McCarthy: I didn’t know that.
Ticchi: One of my principals had some contact from a parent saying she was concerned about her son having a blind teacher. I think what really helped me overcome that was working with the students at the school in New Mexico, working with welfare mothers, all these kids and people facing adversity. My heart is open to them. My philosophy in education has always been to never give up on anyone. You never give up on a student. I remember that you, Ed, were so enthusiastic, energetic, and caring. I remember we talked about time management, and there are only 24 hours in a day, so there’s the danger of burnout. And as you know, those kids we had in our program, some of their lives outside of school were challenging, and thus the students required a lot of our patience and energy.
McCarthy: Oh boy, challenging. I think that this is where we kind of harmonized, because you know I grew up in Newton, a very affluent place. My parents weren’t educated. There were times when we didn’t have a car or many other resources. There were times when I felt like an outsider because of that.

But you taught me these ideas of respecting others, and as teacher, being captain of the classroom team—we are a team. These were messages and themes that I had in the beginning. I didn’t have a mentor telling me, “You’re in control, don’t tolerate this.” So my philosophy has evolved out of that. You know I don’t get out of bed for the money. I don’t get out of bed to get a winning season. I owe it to my role models to be great.

I remember when you visited St. Sebastian’s a couple years ago. That was probably the best day teaching I’ve had in a couple years. Kids still come back and say, “Mr. McCarthy, you got to do that every year. You need to get Mr. Ticchi in.” It was because of your character.     

Ticchi: I appreciate your compliments. I’m proud of my career. But I didn’t do it alone. The teacher and the person I became is a combination of people whom I have met and that I’ve learned from and that I’ve tried to adopt into my own personality. But we’re all kind of the cumulative impact of many people.

One thing that’s important for teachers and future teachers to realize is that, in the classroom, we have the opportunity to impact people’s lives and to inculcate and foster and nurture certain values.

I can remember the first parent evening when I was teaching seventh-grade English at F.A. Day, white cane, standing before those parents. At one level, I’m talking to them about the curriculum, and on another level, I’m thinking to myself, these parents of little 12- or 13-year-olds think their child is one of the most important human beings walking the face of the Earth. I have an enormous responsibility, not only to teach them English but also to nurture some values in my classroom: respect, honesty, responsibility, fairness, and so on. And I don’t know if you recall this. When we were working in that program together, we had a homeroom.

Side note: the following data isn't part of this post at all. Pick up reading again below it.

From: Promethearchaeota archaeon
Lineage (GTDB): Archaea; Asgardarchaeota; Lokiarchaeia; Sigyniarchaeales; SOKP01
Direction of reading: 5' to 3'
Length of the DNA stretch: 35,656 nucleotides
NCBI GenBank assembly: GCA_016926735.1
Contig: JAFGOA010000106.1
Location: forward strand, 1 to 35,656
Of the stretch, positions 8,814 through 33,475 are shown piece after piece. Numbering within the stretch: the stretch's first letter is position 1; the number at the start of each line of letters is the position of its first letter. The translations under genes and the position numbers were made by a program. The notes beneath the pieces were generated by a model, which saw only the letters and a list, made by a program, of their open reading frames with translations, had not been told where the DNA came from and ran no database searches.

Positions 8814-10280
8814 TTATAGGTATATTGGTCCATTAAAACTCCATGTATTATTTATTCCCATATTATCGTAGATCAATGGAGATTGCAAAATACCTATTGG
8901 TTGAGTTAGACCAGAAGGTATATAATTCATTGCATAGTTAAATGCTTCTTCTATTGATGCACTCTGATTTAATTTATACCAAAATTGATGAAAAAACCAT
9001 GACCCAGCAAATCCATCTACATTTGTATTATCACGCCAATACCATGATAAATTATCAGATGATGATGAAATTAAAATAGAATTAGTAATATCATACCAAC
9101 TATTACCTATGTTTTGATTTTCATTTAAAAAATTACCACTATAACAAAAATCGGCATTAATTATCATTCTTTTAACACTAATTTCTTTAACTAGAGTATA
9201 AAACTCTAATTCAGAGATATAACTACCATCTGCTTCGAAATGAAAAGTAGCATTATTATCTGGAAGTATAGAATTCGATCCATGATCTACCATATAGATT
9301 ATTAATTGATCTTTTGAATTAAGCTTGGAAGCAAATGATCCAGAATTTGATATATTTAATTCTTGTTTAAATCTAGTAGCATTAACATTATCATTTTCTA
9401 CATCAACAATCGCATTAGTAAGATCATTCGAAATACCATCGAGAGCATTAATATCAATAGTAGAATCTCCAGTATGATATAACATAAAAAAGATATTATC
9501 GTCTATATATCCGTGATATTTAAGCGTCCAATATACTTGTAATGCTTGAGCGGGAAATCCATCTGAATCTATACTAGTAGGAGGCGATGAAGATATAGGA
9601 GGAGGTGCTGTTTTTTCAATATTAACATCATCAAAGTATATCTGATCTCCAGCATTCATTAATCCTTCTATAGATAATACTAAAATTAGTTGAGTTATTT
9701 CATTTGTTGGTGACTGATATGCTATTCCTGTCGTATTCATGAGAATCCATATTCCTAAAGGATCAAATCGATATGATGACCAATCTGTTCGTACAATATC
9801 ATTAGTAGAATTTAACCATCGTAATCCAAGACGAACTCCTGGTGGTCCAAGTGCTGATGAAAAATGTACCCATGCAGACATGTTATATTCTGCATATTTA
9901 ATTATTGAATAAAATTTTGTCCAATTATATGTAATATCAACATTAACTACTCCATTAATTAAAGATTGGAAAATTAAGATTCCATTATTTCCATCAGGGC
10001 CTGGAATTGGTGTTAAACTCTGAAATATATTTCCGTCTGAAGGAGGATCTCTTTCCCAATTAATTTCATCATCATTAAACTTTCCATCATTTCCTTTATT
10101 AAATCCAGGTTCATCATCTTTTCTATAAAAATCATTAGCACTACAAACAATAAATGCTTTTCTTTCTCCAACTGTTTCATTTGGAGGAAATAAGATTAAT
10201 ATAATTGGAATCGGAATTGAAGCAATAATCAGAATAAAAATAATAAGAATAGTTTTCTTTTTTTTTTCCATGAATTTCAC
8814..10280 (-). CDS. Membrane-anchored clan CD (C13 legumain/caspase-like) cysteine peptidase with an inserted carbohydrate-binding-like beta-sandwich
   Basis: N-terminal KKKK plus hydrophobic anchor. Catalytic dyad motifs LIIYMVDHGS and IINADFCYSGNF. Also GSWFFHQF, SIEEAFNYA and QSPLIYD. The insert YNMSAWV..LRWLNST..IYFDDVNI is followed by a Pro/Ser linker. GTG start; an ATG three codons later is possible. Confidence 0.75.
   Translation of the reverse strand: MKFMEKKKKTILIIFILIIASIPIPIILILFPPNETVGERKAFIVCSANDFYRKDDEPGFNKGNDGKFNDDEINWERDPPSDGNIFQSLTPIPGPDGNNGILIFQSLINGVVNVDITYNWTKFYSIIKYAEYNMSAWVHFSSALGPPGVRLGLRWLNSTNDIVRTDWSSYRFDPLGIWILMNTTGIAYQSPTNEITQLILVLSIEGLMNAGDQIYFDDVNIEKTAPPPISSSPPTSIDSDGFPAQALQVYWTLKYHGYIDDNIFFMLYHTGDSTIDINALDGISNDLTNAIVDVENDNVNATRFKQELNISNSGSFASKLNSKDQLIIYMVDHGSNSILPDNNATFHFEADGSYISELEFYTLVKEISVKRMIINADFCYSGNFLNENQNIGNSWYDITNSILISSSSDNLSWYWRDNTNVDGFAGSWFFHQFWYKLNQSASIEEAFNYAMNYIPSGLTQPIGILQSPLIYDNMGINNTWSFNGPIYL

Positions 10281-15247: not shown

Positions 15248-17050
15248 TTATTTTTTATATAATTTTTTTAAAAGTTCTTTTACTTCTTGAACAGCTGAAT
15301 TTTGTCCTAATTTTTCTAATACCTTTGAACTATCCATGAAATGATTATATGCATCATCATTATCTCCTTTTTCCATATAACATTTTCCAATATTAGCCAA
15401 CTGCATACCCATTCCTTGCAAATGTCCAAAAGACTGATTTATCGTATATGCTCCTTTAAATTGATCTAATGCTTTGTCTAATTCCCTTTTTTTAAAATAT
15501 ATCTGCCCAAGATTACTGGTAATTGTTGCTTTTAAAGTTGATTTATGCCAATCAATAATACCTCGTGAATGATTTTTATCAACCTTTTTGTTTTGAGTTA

McCarthy: I remember.
Ticchi: When we took over the program, the room wasn’t very neat, and we talked to the kids about keeping it neat and why we must do so. The students would say, “We got custodians, so we don’t have to do that,” or “Are you going to pay us?”

I said: “You know about keeping things neat—we are human adjectives.” Well, as you know, I teach English. “What do adjectives have to do with keeping the room clean?”

“You know what a noun is?” I said, “Well, an adjective modifies a noun. It can make it better. It can describe it. We are human modifiers. And anywhere we walk or speak, or any human being or other place, should be better off from having been there. We are human modifiers.”

I really believe that. A weed in the garden, we should pick it up. Say hello to someone, do an act of kindness.
McCarthy: David, I remember you imparting your conviction that teaching was a profoundly important vocation, and art, and life mission. I’m looking at this Steinbeck quote here: “It is customary for adults to forget how hard and dull school is. The learning by memory all the basic things one must know is the most incredible and unending effort. … School is not so easy and it is not for the most part very fun, but then, if you are very lucky, you may find a teacher. … I have come to believe that a great teacher is a great artist and that there are as few as there are any other great artists. Teaching might even be the greatest of the arts since the medium is the human mind and spirit.” Thank you.

Do You Have a Conversation to Share?

Have you had a great conversation with a colleague recently that broke down silos or got you thinking about your work in a new way? Have you chatted with someone on (or off) campus that led to an unexpected collaboration? Tell us about it. Do you know of—or are you a part of—a great student–teacher duo? We want to hear about it. Send a brief description to [email protected], and we’ll follow up.
Rebecca Scherr

Rebecca Scherr is senior editor/writer at NAIS.